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Student Feature | Olly Moore

How and why Olly Moore wants to redefine how we learn to count.

By Featured, SAIC

Visual representations of two of Olly’s languages, each of which took roughly 100 hours to produce. Photograph by John Lane.

In generating new counting systems — “languages,” he calls them — Olly Moore (MFA 2020, VISCOM) is not trying to reinvent the wheel, but rather, to repurpose it. Since an extremely young age, Olly has interrogated the fundamental assumptions of numbers, and counting, and examining the ways in which they influence people’s thinking. For example, he connects our method of reading numbers from the largest number to the smallest (568, for example, starts with “five hundred,” and concludes in “eight”) to trickle-down economics, the idea that centering wealth on the upper crust first will eventually benefit members of lower social strata.

School of the Art Institute of Chicago (SAIC) Section Editor Dustin Lowman recently visited Moore in his studio to learn more about his motivations, his current projects, and how he hopes to apply his work beyond art school.

Dustin Lowman: Why don’t you start by telling me how you got interested in counting systems?

Olly Moore: I was a really young kid, pre-elementary, and I would count the pages in books. So when I got to school, I was put in advanced math classes. But once they started trying to teach me how to multiply, I lost interest. I remember a moment when one of my teachers was trying to teach me double-digit multiplication. It was first or second grade. They explained the steps very clearly, and I understood what steps to take to get the answer, but I was trying to figure out how and why that happened. I got caught with why the numbers themselves were representing those concepts. Why the number seven, for example, meant the quantity of seven — the shape of the number, and also its sound.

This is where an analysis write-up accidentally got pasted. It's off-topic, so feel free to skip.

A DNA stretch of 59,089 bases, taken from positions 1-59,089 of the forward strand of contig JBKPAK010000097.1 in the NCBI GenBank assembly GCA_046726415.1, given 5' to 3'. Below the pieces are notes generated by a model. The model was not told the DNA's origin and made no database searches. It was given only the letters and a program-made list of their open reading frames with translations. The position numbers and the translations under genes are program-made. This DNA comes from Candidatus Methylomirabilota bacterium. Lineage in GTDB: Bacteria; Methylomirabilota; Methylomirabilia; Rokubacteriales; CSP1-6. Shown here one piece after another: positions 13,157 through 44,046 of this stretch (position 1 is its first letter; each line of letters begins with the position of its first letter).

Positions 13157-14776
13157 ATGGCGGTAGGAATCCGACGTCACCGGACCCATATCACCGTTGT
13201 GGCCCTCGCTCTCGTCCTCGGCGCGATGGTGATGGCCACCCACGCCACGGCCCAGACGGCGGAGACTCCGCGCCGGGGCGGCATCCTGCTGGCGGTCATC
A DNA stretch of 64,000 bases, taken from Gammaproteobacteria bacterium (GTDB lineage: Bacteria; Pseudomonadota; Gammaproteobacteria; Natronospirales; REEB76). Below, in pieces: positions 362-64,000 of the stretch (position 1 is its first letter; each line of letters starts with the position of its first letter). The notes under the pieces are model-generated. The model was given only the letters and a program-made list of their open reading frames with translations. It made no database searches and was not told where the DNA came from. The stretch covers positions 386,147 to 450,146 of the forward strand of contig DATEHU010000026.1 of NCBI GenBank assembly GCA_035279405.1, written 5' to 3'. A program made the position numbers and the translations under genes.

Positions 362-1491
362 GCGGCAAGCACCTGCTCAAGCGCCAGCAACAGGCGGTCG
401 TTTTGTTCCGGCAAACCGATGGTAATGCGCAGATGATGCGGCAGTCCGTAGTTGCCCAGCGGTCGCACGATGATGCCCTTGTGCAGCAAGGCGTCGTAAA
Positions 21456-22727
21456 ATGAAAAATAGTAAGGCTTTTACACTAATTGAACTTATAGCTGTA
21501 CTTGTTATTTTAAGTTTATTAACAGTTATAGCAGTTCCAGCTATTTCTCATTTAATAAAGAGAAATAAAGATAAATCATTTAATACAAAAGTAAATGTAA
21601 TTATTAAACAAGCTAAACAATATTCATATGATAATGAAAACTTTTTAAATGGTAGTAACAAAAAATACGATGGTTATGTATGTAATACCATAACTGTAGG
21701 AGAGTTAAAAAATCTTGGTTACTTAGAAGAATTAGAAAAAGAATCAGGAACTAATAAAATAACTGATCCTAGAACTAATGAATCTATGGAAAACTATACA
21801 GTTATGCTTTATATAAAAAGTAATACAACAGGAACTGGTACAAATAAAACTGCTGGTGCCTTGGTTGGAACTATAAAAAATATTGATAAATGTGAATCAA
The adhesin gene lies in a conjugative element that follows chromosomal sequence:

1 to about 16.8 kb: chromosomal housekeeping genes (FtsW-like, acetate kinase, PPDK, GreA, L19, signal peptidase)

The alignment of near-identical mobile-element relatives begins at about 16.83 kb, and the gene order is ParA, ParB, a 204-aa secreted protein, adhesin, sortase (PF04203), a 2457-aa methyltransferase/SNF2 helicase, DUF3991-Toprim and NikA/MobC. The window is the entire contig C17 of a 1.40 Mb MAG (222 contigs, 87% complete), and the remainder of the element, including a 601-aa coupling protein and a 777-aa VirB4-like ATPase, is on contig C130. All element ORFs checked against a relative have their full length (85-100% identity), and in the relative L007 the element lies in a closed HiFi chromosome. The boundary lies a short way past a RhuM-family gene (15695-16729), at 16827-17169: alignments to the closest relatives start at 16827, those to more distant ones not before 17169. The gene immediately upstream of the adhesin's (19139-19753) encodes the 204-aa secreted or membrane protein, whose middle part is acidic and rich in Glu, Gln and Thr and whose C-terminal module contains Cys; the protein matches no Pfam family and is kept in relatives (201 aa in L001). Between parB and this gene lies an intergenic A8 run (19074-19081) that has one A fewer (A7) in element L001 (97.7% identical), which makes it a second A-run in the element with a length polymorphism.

DL: So that question got in the way of interest in multiplication, algebra, etc.?

OM: Yeah, the lack of an answer made it so I was uninterested in learning any math beyond simple counting. My work is still about simple counting. It’s just really complex simple counting, different languages for it. There was a big break from that age until probably twenty-five or so. I studied art in my undergrad, and learned about constructing and composing works of art, which eventually led into a resurrection of my earlier work. I used a lot of that education to build these projects.

DL: So, you didn’t have the express intention of applying your art degree this way?

OM: No, not at all. My intentions for studying art were rooted in this desire for freedom, to search for something new. Art encourages new ways of thinking, new discoveries. Exploration is a fundamental part of my work — conceptual exploration, abstract as opposed to geographic. In discovering a lot of this work I’ve recognized the importance of variety, of different ways of looking at things.

DL: You say “discovered” and not “come up with.”